By Craig Hovey
Last week’s horrific and deadly attacks in Beirut and Paris call first and foremost for silence. After Pearl Harbor, Dorothy Day began her column in the Catholic Worker by asking “shall we keep silent, or shall we speak? And if we speak, what shall we say?” Like the commendable silence of Job’s friends when they saw that his suffering was great, human tragedy of this sort and on this scale shocks us — the most human thing we can do is suffer with the sufferers and mourn with the mourners.
DAVID GREENE: You brought 40 strangers into your apartment… who were just very afraid?
JULIE MARKS: Yeah … I said, of course, come in. I mean, being friendly is all we have now. Having compassion, it's all we have now because if we just keep being afraid and being lonely and alone, you know, an individual, we have lost everything.This initial burst of spontaneous mutual support and compassion for strangers, born of the mayhem of the last few days, is impressive. It is the spirit of nonviolence: discovering the community-building alternatives that meet needs and build people up.
But it also contrasts with the long-term war-planning coming out of the French government. Inevitably, it seems—as with Job’s friends—the talk will change from openness and solidarity to explanations and calls for justice, punishment, and revenge. Dorothy Day went on from her initial silence to affirm her organization’s commitment to nonviolence in the remainder of her column, “Our Country Passes from Undeclared War to Declared War; We Continue Our Christian Pacifist Stand.”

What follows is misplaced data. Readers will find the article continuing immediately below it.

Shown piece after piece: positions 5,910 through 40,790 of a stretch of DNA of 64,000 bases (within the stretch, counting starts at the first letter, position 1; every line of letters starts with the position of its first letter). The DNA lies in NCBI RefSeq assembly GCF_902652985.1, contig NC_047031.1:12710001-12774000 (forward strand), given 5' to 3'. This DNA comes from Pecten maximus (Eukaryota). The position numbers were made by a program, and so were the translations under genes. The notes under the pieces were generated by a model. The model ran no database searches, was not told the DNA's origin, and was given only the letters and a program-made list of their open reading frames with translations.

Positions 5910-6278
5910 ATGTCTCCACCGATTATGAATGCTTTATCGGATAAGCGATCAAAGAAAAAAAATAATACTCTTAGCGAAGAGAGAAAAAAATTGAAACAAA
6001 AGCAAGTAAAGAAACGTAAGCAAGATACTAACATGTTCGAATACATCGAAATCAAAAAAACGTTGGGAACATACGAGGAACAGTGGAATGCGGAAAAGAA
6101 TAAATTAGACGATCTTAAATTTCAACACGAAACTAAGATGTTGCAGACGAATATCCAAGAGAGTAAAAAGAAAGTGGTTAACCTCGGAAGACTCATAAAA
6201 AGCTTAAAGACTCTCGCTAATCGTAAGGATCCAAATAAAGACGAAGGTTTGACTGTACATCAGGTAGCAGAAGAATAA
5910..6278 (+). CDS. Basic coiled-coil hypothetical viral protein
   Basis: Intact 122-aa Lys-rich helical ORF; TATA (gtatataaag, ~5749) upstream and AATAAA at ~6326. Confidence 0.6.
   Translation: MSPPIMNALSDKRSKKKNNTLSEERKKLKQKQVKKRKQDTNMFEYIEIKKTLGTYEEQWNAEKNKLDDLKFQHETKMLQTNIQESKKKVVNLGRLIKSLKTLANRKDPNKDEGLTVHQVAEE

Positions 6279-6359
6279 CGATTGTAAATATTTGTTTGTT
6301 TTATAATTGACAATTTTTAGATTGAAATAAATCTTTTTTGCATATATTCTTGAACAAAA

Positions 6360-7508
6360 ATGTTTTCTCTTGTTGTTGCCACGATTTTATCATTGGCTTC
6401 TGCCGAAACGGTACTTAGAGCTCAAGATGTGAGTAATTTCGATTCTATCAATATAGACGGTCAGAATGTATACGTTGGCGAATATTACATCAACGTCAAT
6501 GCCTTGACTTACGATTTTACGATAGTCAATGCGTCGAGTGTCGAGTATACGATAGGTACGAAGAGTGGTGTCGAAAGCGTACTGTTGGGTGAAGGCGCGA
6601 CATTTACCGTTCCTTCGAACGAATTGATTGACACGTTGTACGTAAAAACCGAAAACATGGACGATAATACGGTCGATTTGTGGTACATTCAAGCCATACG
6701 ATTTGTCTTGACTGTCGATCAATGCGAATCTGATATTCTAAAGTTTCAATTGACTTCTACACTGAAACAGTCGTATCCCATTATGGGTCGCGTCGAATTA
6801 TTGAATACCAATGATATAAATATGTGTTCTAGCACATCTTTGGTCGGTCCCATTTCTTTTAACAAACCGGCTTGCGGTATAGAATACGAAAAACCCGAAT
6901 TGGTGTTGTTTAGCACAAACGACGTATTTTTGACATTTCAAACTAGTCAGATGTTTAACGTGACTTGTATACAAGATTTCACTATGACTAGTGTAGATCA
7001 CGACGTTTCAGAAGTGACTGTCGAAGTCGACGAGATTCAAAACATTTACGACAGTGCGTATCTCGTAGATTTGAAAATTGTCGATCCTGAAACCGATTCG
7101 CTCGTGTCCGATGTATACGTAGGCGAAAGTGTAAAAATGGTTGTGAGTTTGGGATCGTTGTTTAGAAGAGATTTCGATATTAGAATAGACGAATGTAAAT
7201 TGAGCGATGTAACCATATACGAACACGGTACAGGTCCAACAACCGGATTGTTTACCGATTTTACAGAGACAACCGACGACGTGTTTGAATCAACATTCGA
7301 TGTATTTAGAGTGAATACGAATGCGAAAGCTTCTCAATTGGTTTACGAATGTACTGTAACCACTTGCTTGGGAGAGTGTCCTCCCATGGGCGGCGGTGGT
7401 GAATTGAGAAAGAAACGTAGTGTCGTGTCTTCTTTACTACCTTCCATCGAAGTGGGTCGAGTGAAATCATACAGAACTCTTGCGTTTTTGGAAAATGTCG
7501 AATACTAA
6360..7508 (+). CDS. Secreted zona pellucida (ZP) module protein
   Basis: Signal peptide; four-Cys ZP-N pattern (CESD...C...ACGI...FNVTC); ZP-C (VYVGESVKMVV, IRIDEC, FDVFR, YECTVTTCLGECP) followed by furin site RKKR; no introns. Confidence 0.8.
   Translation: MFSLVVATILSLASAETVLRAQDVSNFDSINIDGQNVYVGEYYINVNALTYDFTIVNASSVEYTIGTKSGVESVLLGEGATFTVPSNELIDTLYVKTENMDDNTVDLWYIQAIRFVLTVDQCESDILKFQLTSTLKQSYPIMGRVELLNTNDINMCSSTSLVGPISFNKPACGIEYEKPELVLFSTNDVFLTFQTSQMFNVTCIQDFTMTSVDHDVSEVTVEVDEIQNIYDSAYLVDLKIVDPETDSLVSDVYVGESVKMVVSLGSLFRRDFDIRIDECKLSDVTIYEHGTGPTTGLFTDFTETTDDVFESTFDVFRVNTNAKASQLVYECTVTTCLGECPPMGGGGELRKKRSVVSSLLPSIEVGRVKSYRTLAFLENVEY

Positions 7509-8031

The nonviolence tradition with which I most identify is a faith tradition that, in an earlier time, preferred the language of nonresistance to nonviolence, peace, and even justice. Nonresistance was a way of talking about refusing to respond in kind: hatred for hatred, violence for violence. The cycles of reprisal and revenge, it was acknowledged, would go on indefinitely until they are decisively and peaceably broken when one side embraces an alternative instead.
This tradition, and ones like it, have always faced their toughest opposition when nonresistance appears simply to be inadequate to some injustice, usually in wartime. Speaking about nonresistance in times like this feels a lot like speaking as Job’s friends: unwelcome and ill-timed.
Yet I believe it is necessary to speak, primarily since others are speaking too. French president François Hollande has called these terrorist attacks “an act of war” against France. The decision to call these acts “war” is the choice to respond to violence with violence rather than find other ways, ways to break the cycle. Hollande, we have heard, has promised a “merciless response” to the attacks.
War may not only be waged mercilessly, but it is also itself a response devoid of mercy. After Pearl Harbor, Dorothy Day acknowledged that war is a place and a circumstance where mercy is most needed. “Our works of mercy may take us into the midst of war.” She urged members of her organization to refuse to contribute to the fighting, but instead to look for ways to continue works of mercy where there are especially great risks because the needs are also so great.
Nonviolence does not mean being passive in the face of violence and injustice. It requires our greatest innovation and creativity in addressing the serious troubles endured by victims and which threaten to make victims out of yet others. What it will not do is withhold mercy in order to accomplish its ends.
Craig Hovey is executive director of the Ashland Center for Nonviolence.